Figure 12.0 below shows a sample of removed powder (200 mesh sieve >74microns) with a nominal particle size of 57um (lower limit of 15um and upper limit of 180um) created after one 120 hour production run. RQM sieves powder beds after each build in an effort to reduce contamination variability due to these larger particles. This is just the first stage of controls and more automated systems are being developed.

Figure 12.0 Example Particle Size (MP1 10X Cycles).

6. EVALUATION OF E-RP LEARNINGS RELATING TO LONGER TERM PRODUCTION SYSTEMS 6.1 RQM was the 1st company in North America to begin using Magics eRP in the tracking of production batch products through the DMLS process. The initial beta development of the product took place during the 1st half of 2008. The objective of the e-RP system for RQM was to establish a new method for DMLS production batch and coupon evaluations to trace position, orientation and support structures of individual serialized production parts. Figure 13.0 below provides an example of the visualization screen that is currently being developed for the next revision of Magics e-RP.

Figure 12.0 Magics e-RP Visualization (next generation).

To date our system is not only capturing valuable data on specific projects but also R&D projects. Due to the ongoing collaboration approach that Materialise and RQM are taking, additional features are coming on-line faster than originally expected. These new features will allow other additive manufacturing companies to quickly accelerate their production systems to a new higher level of performance and traceability. Magics e-RP has focused at the build level but is expanding its data associations to include secondary processing criteria, materials traceability and more detailed customer / job information.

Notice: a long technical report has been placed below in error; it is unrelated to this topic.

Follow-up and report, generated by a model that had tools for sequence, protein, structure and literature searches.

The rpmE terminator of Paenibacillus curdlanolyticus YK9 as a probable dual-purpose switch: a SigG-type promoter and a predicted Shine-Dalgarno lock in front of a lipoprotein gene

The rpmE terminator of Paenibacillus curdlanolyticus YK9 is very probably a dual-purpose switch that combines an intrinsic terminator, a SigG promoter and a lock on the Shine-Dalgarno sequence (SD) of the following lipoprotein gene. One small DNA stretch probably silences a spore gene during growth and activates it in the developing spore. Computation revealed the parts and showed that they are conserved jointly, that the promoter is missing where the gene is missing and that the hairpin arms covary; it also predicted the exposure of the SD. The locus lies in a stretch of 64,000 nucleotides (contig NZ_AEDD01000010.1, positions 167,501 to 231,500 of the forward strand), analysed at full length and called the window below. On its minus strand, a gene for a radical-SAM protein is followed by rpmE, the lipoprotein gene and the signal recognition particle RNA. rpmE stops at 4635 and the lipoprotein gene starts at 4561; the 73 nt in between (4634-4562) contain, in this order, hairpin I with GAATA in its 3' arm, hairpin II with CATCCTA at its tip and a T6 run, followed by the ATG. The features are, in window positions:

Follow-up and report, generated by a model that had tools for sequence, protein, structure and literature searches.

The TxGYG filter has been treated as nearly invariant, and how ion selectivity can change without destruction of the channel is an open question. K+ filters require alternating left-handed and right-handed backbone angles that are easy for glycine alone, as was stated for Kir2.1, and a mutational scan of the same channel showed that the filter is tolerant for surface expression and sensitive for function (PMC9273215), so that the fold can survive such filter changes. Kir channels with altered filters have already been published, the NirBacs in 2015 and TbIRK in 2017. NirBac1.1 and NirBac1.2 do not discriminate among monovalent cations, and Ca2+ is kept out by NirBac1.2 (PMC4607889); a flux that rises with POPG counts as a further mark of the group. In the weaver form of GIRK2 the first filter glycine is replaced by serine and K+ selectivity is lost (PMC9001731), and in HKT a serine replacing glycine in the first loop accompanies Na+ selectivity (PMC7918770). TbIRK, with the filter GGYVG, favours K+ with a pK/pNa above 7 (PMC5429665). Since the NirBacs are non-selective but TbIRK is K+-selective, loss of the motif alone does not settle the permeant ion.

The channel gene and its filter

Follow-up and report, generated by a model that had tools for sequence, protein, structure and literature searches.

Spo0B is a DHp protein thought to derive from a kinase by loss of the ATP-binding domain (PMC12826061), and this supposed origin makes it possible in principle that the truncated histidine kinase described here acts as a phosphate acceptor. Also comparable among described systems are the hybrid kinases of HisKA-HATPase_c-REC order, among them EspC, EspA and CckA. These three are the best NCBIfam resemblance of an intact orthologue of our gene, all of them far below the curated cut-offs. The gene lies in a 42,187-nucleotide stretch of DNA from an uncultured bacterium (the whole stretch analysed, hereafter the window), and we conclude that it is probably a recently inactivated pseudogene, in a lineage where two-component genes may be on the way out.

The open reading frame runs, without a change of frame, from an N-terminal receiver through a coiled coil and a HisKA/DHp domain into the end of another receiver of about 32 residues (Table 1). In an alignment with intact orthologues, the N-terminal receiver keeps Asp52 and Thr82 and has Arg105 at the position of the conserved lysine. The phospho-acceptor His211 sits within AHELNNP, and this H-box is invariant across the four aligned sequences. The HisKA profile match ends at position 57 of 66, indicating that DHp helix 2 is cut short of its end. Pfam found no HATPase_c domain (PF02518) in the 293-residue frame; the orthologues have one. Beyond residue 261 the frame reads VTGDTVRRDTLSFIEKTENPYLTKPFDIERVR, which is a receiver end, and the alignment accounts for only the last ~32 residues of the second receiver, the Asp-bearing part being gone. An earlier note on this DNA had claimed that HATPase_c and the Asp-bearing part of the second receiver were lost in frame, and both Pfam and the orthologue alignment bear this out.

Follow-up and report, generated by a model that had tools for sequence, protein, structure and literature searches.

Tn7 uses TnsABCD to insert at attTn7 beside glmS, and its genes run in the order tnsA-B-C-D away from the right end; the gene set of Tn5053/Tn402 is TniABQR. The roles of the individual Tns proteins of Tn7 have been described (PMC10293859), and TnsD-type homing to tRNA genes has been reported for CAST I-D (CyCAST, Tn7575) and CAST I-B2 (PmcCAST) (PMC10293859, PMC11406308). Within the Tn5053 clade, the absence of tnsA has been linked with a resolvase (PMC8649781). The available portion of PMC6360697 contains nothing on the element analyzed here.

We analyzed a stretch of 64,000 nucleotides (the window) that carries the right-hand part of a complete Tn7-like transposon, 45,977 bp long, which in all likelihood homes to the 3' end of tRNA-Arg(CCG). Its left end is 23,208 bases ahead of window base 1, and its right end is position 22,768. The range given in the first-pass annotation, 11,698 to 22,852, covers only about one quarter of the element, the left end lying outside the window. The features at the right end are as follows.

RQM is expanding its internal e-RP production system to include a new software package from SoluminaTM (iBASEt). This will be a fully integrated system approach to file management, purchase order requirements, customer work definition, work order tracking, Magics e-RP, customer specific requirements, accounting and quality inspection integration. iBASEt has been a leader of high-tech software solutions and services since 1986. iBASEt currently has two divisions: SoluminaTM and Federal Systems. The SoluminaTM software solution streamlines and integrates functions across the product development life cycle from engineering to the supplier network. This experience in Aerospace Defense, Nuclear, Medical Devices, Industrial and Shipbuilding is unmatched in the industry. RQM plans to utilize iBASEts experience in complex and stringent process requirements to support its Aerospace and Medical additive manufacturing businesses. This alignment of systems (SoluminaTM and Magics) will allow RQM to complete both its AS9100 Revision C and ISO 13485 certification in 2009. Figure 13.0 below provides an example of the type of integration that SoluminaTM can provide.

Figure 13.0 SOLUMINATM Process Management Cycle.

The key in this area is two fold: 1) To ensure a Quality approach to finished product additive manufacturing, a company must ensure that all traceability and configuration management objectives are met and 2) Customer specific requirements must be integrated into vendor processes. This effort can be huge when you begin to evaluate the level of detail that aerospace and medical companies require prior to vendor qualification.